Galen Surlak-Ramsey's The Gorgon Bride was published by Tiny Fox Press in July 2018.

Information about Galen Surlak-Ramsey:

When Galen’s not obsessing over his latest text, he’s likely throwing himself out of an airplane, teaching others how to throw themselves out of an airplane, playing something online, taking pictures of the heavens with his telescope, or wrangling his four children somewhere in Southwest Florida.

He also manages to pay the bills as a chaplain for a local hospice.

Click here to visit his official website.

Information about The Gorgon Bride:

THE GODS ARE FUNNY.

Except when you piss them off.

Then they suck.

They really, really suck.

(Really).

Alexander Weiss discovers this tidbit when he inadvertently insults Athena, Goddess of Wisdom, and she casts him away on a forgotten isle filled with statues.

Being marooned is bad enough, but the fact that the island is also the home of Euryale, elder sister to Medusa, makes the situation a touch worse. The only thing keeping Alex from being petrified is the fact that Euryale has taken a liking to the blundering mortal.

For now.

What follows next is a wild, adventurous tale filled with heroes, gods, monsters, love, and war that is nothing short of legendary.

REVIEW: THE GORGON BRIDE BY GALEN SURLAK-RAMSEY

Galen Surlak-Ramsey's The Gorgon Bride is an entertaining and imaginative, but slightly flawed tale about what happens when a man accidentally and carelessly insults the Goddess of Wisdom and ends up finding a suitor for the snake-haired Gorgon. It's a quick and fun read with a sarcastic edge to it.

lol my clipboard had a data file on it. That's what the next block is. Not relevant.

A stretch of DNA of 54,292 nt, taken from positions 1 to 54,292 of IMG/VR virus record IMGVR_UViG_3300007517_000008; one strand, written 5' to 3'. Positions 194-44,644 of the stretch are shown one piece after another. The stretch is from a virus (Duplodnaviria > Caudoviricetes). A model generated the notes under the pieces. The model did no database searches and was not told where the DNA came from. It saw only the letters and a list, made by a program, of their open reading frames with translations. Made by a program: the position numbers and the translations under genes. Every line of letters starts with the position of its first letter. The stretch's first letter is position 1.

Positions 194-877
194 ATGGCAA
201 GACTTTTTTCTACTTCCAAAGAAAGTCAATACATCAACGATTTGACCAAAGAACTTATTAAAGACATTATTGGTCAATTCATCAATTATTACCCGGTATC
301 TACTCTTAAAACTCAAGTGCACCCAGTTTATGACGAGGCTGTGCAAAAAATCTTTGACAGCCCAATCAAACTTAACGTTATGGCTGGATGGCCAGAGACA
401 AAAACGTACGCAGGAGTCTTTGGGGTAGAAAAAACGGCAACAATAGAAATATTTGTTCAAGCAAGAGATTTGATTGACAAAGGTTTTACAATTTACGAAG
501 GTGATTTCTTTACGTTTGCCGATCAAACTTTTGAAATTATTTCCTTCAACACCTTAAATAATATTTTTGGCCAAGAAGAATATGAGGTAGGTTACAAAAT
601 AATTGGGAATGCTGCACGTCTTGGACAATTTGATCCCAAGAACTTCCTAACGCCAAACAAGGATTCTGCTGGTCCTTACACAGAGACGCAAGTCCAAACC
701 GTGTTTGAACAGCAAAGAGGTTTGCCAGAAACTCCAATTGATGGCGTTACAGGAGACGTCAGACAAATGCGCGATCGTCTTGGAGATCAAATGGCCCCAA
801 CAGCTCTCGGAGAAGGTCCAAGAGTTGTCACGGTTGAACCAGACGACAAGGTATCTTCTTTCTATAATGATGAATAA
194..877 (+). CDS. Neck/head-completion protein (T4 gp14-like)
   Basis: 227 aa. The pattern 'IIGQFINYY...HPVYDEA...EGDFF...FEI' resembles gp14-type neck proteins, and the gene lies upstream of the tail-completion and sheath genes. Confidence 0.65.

Galen Surlak-Ramsey's vision of Greek mythology is imaginative, because he writes about what kind of things the gods and goddesses are up to in the 21st century and how they meddle with mortals. He seems to have a surprisingly good imagination, because there are concepts in this novel that I don't recall seeing explored in other similar kind of fantasy novels. He has strived to write something different about the Greek gods and has succeeded in it.

The Gorgon Bride is a story about Alexander Weiss who, after getting squashed to death by a large whale, finds himself in the Underworld. When he meets Athena, he manages to insult her and ends up on a forgotten island filled with statues where Euryale lives. Soon he tries to find a suitor for the beautiful and snake-haired Euryale who's in need of a lover, but all of a sudden he notices that he's falling in love with her...

This is the beginning of a lighthearted fantasy story filled with humour, adventure, gods, goddesses, monsters, heroes, love and war.

It was fun to read about how Alex began to fall in love with Euryale and what kind of feelings he had for her. Alex's feelings for Euryale developed fast, which felt a bit strange to me, but this unusual love affair is entertaining and brings entertainment values to the story. I also enjoyed reading about Alex and his old love, Jessica, because she finds herself being drawn into the happenings and notices to her amazement that everything about the gods and myths is real.